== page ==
Dissertation/Thesis Abstract

Exploring the relationship between effective school leadership practices and the implementation of middle school inclusion in English classes
by Mason, Gwendolyn J., D.Ed., University of Maryland, College Park, 2014, 135; 3643992
Abstract (Summary)

The inclusion of students with disabilities and the increasing demands in public education including the nation's changing economics, racial and ethnic diversity, complex social environments and increased accountability for student academic achievement have impacted the role of principal leadership. Today, principals face increasing demands to create an environment that supports the needs of all students (Burdette, 2010). Middle school principals in particular have the responsibility of addressing these new varied issues while leading in a variety of subject areas. This mixed-method study was designed to explore the perceptions of middle school principals, grade 6 English general education teachers and grade 6 special education teachers regarding the effective leadership practices of middle school principals' implementation of inclusion in grade 6 English classes.

The conceptual framework of Powell's (2004) School Leadership Survey and its five domains was used to collect the data in the quantitative phase of the study. These data were collected by survey responses from middle school principals, grade 6 general education English teachers and grade 6 special education teachers. The quantitative phase of this study was conducted in 38 middle schools in a single school district in the mid-Atlantic United States.

The results of the quantitative study indicated that there were no statistically significant differences among the three groups: middle school principals, grade 6 general education English teachers and grade 6 special education teachers, whether in the early or later implementation phase. The means for the principals, although not statistically significantly different, were generally higher than those of the two groups of teachers. The grade 6 general education English teachers and the grade 6 special education teachers had very similar means on the effective leadership behavior and practices of the principals.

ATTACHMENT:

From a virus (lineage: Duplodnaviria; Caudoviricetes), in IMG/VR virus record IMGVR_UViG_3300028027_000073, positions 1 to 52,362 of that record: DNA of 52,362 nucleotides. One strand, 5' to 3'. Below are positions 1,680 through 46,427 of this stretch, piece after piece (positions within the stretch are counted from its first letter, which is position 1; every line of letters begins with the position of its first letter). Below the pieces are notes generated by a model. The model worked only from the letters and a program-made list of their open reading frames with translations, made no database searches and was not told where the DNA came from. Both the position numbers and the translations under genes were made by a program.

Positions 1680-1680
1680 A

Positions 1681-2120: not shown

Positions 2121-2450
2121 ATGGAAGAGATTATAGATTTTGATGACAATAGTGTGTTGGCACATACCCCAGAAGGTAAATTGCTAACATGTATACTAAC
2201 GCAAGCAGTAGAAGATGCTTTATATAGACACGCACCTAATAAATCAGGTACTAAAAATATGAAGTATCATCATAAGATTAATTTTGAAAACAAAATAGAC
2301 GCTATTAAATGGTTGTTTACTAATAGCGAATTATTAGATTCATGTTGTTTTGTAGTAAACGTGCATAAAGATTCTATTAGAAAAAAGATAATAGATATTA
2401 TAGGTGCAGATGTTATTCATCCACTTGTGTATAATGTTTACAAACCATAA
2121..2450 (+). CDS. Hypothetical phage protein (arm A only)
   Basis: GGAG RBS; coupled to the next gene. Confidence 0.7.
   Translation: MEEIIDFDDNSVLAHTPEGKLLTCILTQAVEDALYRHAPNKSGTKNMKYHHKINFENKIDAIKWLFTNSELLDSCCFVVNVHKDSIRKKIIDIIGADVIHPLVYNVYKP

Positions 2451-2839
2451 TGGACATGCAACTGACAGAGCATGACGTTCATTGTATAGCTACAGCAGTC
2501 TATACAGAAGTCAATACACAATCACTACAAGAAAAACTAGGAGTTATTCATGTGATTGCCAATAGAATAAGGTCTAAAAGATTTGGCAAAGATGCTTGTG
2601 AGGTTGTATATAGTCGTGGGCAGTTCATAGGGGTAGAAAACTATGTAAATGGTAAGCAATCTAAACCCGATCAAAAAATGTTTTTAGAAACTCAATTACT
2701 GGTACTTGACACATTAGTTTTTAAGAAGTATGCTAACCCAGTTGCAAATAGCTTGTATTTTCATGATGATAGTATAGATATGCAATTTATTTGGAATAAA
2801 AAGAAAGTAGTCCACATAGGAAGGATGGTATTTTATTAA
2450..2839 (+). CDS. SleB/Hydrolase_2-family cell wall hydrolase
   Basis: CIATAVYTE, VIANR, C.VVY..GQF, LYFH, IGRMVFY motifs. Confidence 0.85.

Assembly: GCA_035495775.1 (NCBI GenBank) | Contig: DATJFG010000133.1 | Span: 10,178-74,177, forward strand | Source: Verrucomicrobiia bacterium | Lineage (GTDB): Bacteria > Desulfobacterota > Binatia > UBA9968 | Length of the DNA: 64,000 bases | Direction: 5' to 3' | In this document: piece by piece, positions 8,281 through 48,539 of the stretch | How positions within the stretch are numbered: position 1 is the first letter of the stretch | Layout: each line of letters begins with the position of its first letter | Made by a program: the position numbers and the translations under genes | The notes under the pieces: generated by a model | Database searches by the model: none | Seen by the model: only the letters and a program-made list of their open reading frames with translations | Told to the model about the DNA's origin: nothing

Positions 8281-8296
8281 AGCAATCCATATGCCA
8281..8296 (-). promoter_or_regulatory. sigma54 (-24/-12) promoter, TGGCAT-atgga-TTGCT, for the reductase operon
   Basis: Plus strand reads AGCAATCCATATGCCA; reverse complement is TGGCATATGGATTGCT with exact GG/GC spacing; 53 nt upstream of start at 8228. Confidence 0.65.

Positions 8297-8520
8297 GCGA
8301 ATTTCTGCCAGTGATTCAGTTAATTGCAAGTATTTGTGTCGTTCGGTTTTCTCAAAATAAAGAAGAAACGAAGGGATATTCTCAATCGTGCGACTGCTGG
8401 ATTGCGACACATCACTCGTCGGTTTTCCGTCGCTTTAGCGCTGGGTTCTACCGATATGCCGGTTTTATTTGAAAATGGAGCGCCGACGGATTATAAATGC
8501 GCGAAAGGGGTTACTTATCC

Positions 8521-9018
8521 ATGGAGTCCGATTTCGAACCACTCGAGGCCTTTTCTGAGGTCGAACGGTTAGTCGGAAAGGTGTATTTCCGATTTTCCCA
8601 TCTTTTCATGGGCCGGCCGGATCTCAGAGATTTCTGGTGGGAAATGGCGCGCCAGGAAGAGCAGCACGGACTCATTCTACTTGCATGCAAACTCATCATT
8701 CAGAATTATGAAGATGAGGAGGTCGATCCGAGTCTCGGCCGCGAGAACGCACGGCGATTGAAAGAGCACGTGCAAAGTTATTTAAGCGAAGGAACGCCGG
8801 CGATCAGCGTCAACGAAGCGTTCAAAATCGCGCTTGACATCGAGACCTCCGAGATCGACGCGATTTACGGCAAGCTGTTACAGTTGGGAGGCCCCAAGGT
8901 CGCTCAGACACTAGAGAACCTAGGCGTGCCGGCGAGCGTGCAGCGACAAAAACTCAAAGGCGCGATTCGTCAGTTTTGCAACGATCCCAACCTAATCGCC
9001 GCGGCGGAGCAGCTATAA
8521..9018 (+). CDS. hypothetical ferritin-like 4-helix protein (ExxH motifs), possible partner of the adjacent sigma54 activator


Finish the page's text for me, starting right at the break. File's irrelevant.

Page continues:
The qualitative aspect of this study found agreement among the middle school principals which was consistent with the quantitative findings of the study. The interview probes used in a focus group were based on information gathered in the quantitative part of the study and the review of the literature on inclusion.

The effective leadership behaviors and practices of the principal are essential for the inclusion of students with disabilities. Further research is recommended to gain deeper insight in the effective leadership practices of principals who include students with disabilities from the sole perspectives of general education teachers. In addition, future research should examine principal preparation programs and their impact on leading in the area of special education and inclusion.

Indexing (document details)
Advisor: Parham, Carol S.
Commitee: Austin, Gilbert, Cohen, Helene, Kivilghan, Jr., Dennis S., Saracho, Olivia
School: University of Maryland, College Park
Department: Education Policy, and Leadership
School Location: United States -- Maryland
Source: DAI-A 76/03(E), Dissertation Abstracts International
Subjects: Educational leadership
Keywords: Inclusion, Leadership, Principal
Publication Number: 3643992
ISBN: 978-1-321-32023-7
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